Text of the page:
Still, Periscope makes live streaming easy and accessible on your smartphone so shooting live from the game, concert, party or political rally can be done by anyone. Not only that, but the excitement of seeing something happening in your friends' life right now is what makes apps like Periscope special.

Browse through the current live streams to see how Periscope works. Screenshot by Jason Parker/CNET

More to explore

Even when you're not shooting videos or watching what your friends post, there's plenty to do on Periscope. The app displays three featured live streams at the top, then a long list of live streams being shot by others in that moment.

With the app's current popularity, there is no shortage of new videos being posted and -- at the moment -- it's not an ideal experience. While there's always something to watch, the videos are coming in so fast that a pull-down refresh will replace almost the whole list. It's a problem because there's no way to catch it all, and sometimes you'll see a stream that looks interesting only to accidentally refresh, pushing it off the list.

One way that this section might be improved is to separate live streams into categories so people could browse just the travel streams, sports, music, or other categories. This would lighten the load to each list making sure you get a chance to catch what interests you.

Social video

You can choose to post your Periscopes to all your Twitter followers by selecting the Twitter icon right before you broadcast. If you don't, the only people that will see your broadcast are those looking at the list of live streams in the app.

Periscope will also suggest people for you to follow in the People section of the app, based on your Twitter network. But if you find a person that talks about things that interest you regularly, you can follow them on Periscope so you always know when their broadcasts go live.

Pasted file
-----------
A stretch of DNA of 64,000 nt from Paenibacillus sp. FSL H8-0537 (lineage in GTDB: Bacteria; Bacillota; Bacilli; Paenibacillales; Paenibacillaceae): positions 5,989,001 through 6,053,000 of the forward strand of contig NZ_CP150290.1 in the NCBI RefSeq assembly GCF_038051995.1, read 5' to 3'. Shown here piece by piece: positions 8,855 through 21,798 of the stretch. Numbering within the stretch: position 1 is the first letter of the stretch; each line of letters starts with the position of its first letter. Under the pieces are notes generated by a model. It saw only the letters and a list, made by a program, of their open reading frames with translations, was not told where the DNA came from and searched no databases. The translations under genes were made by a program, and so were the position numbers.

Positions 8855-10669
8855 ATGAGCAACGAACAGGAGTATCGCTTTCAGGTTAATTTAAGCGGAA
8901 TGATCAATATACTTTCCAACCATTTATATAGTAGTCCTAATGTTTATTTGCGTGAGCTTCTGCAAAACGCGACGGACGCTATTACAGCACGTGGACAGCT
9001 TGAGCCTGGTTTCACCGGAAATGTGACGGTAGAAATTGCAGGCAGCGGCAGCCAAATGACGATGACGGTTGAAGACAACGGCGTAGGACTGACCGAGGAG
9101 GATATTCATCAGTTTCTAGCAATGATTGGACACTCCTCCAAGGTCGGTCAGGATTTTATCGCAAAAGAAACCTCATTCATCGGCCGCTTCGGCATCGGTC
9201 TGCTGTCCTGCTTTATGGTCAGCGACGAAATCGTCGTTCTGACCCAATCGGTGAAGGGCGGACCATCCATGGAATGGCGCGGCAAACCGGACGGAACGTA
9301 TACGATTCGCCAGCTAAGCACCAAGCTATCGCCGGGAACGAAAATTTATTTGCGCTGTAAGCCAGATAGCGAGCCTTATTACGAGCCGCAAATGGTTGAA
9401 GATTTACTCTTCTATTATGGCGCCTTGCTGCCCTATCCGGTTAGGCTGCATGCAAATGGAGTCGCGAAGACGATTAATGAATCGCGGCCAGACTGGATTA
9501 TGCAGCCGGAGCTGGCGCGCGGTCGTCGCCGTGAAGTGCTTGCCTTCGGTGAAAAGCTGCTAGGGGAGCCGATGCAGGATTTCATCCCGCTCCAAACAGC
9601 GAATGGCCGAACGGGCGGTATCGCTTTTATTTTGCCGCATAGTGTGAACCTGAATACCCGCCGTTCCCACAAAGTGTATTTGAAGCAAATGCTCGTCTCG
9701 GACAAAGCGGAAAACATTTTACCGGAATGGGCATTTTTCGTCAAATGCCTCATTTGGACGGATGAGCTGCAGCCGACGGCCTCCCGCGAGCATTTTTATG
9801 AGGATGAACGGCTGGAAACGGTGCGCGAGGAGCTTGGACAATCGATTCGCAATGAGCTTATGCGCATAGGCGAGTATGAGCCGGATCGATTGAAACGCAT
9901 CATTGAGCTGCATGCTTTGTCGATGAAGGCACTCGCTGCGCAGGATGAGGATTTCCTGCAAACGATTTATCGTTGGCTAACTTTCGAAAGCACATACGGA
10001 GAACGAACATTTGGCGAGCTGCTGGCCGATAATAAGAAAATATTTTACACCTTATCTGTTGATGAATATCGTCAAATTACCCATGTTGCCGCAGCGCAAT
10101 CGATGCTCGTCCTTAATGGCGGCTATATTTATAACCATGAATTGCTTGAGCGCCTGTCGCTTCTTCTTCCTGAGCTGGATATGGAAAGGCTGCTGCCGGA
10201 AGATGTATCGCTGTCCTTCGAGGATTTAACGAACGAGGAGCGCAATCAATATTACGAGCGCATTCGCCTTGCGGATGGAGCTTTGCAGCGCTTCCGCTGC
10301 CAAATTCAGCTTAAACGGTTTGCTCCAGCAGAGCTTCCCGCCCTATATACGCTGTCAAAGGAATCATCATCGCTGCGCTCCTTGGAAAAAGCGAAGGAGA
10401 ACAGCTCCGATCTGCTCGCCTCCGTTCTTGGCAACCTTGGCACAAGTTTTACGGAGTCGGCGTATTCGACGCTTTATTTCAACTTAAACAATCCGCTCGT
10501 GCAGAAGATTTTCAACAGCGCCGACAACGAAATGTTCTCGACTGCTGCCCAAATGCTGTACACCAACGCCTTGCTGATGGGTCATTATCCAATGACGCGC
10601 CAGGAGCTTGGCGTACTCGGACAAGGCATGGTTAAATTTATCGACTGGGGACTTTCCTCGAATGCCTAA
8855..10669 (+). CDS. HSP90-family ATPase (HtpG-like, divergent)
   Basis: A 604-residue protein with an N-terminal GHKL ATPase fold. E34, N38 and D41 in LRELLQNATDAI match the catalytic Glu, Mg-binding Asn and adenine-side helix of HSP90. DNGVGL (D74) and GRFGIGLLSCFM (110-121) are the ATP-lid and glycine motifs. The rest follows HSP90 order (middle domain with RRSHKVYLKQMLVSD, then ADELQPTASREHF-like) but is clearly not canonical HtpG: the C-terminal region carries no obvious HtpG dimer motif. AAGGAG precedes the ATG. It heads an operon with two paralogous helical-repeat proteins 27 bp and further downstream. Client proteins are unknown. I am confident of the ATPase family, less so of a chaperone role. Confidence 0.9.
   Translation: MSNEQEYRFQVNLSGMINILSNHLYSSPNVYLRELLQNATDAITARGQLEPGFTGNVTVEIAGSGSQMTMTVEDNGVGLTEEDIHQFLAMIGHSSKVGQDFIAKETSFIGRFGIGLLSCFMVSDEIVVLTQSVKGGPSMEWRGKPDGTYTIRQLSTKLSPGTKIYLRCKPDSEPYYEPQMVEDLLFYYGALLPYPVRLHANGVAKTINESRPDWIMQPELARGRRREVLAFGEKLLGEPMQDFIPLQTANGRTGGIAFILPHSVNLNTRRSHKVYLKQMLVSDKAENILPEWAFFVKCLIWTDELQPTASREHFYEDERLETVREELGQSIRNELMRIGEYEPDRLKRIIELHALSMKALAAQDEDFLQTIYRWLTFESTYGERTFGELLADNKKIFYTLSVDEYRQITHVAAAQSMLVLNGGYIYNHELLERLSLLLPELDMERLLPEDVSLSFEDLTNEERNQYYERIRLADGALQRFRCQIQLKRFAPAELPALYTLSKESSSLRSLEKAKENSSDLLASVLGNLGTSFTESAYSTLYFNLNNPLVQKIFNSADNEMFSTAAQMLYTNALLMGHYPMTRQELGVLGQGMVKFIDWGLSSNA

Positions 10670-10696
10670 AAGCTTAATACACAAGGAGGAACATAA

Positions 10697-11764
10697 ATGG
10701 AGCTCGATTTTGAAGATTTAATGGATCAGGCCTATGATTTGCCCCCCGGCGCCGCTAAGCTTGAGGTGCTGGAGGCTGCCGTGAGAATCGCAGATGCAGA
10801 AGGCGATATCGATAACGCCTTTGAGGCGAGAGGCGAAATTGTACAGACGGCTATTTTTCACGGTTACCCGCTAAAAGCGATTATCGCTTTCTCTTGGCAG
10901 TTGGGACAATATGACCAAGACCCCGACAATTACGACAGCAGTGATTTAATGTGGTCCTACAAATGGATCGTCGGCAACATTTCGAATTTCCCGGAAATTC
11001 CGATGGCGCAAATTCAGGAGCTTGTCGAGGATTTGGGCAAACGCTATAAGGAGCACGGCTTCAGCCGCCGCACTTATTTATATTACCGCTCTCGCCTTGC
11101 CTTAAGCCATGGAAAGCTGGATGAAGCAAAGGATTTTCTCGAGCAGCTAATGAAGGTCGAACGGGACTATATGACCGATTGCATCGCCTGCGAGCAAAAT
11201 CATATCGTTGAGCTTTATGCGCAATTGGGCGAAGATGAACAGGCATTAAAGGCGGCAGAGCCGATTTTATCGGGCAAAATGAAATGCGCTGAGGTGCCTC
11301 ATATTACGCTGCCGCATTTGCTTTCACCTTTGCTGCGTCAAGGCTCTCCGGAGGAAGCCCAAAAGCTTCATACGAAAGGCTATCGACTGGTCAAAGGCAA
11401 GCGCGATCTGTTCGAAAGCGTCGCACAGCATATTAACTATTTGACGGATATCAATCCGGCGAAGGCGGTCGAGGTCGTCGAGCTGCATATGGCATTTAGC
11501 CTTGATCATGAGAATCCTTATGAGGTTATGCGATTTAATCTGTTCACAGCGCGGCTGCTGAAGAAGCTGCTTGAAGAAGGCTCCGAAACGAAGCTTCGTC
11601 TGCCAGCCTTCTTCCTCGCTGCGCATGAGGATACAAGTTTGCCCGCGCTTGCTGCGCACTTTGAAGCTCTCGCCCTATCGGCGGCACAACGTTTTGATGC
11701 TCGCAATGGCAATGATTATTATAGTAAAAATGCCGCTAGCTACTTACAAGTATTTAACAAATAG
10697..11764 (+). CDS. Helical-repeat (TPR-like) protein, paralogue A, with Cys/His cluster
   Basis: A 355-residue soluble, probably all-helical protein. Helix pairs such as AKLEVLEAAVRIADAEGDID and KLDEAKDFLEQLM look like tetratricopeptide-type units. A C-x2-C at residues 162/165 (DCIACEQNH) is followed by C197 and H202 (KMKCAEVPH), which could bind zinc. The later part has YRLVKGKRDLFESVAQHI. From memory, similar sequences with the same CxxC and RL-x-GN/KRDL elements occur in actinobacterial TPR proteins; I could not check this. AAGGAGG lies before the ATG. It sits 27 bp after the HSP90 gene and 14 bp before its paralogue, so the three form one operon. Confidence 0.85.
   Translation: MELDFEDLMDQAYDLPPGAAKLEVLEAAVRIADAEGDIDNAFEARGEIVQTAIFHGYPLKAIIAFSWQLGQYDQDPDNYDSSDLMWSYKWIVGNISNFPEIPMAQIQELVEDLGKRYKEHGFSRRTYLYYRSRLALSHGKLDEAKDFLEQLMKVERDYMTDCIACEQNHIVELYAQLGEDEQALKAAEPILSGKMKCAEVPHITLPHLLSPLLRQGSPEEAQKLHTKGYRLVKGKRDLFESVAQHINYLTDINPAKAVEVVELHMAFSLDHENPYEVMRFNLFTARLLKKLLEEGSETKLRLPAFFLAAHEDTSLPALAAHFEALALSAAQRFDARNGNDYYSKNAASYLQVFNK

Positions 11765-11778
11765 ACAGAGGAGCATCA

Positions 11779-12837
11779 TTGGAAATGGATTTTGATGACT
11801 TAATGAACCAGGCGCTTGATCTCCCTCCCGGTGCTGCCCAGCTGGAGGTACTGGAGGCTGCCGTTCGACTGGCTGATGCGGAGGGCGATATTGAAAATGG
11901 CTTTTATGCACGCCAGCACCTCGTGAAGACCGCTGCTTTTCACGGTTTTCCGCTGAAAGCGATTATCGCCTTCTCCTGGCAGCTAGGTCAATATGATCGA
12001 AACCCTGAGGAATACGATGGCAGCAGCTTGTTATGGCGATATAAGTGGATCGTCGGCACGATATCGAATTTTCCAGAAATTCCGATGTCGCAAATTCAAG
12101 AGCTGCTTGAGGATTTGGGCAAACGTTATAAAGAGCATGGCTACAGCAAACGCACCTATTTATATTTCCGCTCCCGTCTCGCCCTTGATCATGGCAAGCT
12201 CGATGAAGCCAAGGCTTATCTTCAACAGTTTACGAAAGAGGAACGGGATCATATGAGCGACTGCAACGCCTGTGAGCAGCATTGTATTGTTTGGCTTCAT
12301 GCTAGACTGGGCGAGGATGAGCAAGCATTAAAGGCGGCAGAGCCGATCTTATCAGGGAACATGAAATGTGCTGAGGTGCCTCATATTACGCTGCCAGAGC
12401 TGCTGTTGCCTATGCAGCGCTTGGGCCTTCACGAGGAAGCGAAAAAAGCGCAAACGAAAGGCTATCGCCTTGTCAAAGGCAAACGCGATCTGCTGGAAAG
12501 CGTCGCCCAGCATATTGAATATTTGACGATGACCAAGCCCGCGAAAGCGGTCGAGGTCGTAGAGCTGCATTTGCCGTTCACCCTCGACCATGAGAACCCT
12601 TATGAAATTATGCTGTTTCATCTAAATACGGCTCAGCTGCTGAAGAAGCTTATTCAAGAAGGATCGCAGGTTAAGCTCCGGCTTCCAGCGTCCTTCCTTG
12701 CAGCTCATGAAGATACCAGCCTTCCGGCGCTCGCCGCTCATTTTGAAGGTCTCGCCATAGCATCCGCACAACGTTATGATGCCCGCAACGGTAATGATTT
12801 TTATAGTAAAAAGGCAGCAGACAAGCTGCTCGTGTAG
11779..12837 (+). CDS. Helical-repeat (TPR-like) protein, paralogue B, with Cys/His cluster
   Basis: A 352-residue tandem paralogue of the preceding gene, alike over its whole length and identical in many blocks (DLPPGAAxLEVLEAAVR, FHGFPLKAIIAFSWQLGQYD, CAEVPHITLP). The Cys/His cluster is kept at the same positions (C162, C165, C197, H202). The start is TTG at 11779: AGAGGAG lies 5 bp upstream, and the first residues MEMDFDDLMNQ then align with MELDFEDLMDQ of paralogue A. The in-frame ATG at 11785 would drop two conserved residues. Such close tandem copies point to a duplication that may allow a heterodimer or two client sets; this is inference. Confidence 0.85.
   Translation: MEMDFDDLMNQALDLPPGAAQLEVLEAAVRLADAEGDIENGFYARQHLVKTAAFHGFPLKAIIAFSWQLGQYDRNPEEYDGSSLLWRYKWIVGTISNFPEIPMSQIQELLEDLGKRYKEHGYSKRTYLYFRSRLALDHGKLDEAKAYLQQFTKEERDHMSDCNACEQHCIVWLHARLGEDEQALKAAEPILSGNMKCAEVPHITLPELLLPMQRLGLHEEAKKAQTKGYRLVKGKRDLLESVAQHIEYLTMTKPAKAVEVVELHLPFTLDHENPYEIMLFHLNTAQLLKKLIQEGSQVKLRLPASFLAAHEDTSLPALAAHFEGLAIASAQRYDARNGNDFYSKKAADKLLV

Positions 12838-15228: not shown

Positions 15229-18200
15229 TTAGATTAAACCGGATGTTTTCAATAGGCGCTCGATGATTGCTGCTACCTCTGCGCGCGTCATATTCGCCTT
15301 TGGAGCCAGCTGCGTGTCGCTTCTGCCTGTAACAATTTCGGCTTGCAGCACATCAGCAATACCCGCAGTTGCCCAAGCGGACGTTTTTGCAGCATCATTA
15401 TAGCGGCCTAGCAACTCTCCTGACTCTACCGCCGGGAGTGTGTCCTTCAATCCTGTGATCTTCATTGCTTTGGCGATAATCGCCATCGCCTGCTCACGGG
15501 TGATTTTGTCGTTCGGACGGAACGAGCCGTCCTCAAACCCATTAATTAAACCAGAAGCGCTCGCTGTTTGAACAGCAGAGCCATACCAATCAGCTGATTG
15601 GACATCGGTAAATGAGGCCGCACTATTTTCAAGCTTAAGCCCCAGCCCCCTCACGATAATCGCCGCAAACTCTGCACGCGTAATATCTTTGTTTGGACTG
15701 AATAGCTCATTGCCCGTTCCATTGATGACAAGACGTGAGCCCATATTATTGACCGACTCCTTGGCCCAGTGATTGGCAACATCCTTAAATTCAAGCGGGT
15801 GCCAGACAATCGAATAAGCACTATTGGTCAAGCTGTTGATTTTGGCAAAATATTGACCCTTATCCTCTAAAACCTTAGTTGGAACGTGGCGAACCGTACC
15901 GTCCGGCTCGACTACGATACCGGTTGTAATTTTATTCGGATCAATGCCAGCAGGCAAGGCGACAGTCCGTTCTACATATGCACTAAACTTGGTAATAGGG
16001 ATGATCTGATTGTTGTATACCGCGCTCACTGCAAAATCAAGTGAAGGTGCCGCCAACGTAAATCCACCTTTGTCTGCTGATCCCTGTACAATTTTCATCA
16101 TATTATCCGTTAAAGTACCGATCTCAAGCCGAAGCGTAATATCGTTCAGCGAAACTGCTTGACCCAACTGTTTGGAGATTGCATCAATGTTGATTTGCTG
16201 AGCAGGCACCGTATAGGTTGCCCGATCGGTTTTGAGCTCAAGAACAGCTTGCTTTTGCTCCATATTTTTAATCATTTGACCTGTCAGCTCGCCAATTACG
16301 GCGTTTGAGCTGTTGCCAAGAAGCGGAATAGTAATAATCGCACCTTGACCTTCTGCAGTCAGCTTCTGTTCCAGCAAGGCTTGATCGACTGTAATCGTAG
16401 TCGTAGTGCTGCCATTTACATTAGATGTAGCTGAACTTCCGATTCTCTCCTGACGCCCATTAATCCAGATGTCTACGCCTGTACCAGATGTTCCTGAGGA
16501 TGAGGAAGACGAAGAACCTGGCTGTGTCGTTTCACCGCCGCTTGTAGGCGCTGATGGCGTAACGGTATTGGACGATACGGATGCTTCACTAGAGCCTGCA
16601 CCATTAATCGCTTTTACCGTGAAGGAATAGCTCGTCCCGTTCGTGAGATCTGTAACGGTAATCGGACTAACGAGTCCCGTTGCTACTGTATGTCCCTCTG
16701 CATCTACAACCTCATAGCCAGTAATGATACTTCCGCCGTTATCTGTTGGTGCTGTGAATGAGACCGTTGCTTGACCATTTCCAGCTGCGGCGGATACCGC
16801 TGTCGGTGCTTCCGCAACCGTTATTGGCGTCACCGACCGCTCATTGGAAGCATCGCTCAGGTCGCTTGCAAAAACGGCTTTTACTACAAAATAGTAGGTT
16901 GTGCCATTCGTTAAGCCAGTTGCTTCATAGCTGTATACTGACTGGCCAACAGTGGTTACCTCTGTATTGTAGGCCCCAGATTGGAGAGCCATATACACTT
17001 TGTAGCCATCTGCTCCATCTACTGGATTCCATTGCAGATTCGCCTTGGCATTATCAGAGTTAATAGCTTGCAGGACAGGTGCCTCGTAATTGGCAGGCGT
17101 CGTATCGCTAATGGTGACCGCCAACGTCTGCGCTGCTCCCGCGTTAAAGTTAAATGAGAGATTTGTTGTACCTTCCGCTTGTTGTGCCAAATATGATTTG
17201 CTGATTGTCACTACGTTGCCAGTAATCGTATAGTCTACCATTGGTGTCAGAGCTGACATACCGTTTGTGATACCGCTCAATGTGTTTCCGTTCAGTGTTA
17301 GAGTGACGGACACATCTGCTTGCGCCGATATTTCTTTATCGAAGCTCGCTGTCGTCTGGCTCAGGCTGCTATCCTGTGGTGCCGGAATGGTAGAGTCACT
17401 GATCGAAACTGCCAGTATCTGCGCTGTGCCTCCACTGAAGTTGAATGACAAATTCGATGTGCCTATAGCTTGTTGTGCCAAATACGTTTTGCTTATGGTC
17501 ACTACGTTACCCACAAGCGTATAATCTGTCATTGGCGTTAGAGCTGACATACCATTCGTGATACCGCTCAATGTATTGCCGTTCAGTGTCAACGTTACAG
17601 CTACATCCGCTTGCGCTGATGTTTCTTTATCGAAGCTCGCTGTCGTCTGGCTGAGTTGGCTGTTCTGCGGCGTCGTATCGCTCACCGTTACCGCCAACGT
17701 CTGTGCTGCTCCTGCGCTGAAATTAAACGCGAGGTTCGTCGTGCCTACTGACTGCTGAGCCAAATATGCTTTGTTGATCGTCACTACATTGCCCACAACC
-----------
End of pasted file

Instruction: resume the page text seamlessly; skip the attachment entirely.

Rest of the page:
Set up a broadcast, then interact with your audience during the show. Screenshot by Jason Parker/CNET

Private streams

Periscope also lets you just send video to the people you want. For example, if you have a group of friends that want to see live video of your trip to Hawaii, you can pick and choose which followers will get the notification for your live show, and it will only be broadcast for them.

It's a neat feature, because you can send quick video hits to friends or family when you're away from home, and the live video aspect makes it seem much more personal than a photo or even a prerecorded video.


Periscope brings live streaming video to both iPhone and Android, and it has great features for discovering new video. Periscope isn't the first streaming-video app to the App Store, but its ease of use, GPS locations, and the ability to browse current streams puts it in front of the rest of its kind.

With its early popularity, it's easy to get overwhelmed by the sheer number of videos coming in -- even the app isn't fast enough to catch it all. But hopefully new categories and other ways to break up the continuous stream of new content will come in future updates to the app.

Still, while Meerkat may have put streaming video from your smartphone on the map, Periscope is set to take over, with more features, more ways to get connected, and the power of Twitter behind it all.


Periscope for iOS

Score Breakdown

Setup 8Features 7Interface 7Performance 8